The England ladies trials, two weekends ago, were as exciting as ever, but also rather heartbreaking for me and my partner Marusa Basa. We took an early lead and kept it up until Sunday morning, when our match against Heather Dhondy and Abbey Smith (the eventual winners) turned into a car crash, setting us back five places. We never recovered after that. Many congratulations to Heather and Abbey though, and I’m not saying that through gritted teeth — it was well deserved and they’re two of the nicest women in bridge.
As for Marusa and me, time to pick ourselves up, dust ourselves off, and start practising for the European women’s pairs in June. An important part of preparing for tournaments is not just playing, but also watching and reading about the way experts tackle hands. Of course, most of us can only fantasise about pulling rabbits out of hats in the same way they do. Take this hand played by the Norwegian Jan Hugo Lie recently:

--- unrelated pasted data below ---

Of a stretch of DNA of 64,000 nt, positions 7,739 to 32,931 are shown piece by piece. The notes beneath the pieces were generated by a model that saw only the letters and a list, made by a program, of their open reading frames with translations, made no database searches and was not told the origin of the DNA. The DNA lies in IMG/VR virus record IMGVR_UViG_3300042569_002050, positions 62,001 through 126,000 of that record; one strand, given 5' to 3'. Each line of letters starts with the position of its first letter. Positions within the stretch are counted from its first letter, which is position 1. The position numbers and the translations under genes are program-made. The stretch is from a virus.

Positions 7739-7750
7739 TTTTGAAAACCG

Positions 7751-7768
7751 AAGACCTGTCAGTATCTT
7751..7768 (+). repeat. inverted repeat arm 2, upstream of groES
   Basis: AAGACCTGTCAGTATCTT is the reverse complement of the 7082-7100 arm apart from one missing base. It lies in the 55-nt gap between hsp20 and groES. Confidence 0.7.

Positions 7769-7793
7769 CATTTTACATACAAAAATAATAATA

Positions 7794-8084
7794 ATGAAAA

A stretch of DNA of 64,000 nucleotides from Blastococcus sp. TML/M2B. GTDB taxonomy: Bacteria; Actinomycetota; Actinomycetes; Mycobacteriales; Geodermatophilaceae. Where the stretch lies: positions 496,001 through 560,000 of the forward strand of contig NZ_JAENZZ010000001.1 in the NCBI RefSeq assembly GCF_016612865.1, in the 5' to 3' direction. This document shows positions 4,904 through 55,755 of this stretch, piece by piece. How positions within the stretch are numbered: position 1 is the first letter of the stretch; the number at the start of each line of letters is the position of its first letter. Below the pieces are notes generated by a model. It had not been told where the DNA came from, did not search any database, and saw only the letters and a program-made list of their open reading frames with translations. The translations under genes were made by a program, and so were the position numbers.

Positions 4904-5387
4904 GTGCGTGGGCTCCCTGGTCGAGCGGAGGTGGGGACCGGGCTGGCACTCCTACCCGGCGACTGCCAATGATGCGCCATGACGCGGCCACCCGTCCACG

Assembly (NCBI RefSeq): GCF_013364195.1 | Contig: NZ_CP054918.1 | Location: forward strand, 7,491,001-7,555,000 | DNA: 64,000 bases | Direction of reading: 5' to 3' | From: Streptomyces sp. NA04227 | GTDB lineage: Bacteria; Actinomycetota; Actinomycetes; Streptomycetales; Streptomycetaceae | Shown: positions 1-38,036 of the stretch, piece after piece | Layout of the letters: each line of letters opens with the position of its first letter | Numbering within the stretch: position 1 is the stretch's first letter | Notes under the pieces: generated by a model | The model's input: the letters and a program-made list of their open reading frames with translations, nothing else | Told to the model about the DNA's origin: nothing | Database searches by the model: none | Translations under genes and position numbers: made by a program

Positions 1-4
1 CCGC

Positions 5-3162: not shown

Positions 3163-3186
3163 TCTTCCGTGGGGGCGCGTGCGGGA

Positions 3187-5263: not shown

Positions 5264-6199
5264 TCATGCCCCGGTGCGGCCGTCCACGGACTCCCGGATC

West led his singleton diamond to the ten and ace. Lie played a heart, taken by West’s ace, who played another heart to dummy, Lie discarding a diamond. A spade to the ten was ducked by West, and Lie played the ace of spades and a spade to West’s king. At this point, Lie held 9, KJ9654. Dummy held KQ9, 87, Q8. South held J5, 965, A10. West continued with the nine of spades, and Jan Hugo let it hold the trick! West now had to lead away from his king of clubs, giving Lie his entry to dummy’s hearts, and the contract was made.
Subscribe to The Spectator Australia today for a quality of argument not found in any other publication. Subscribe – Try a month free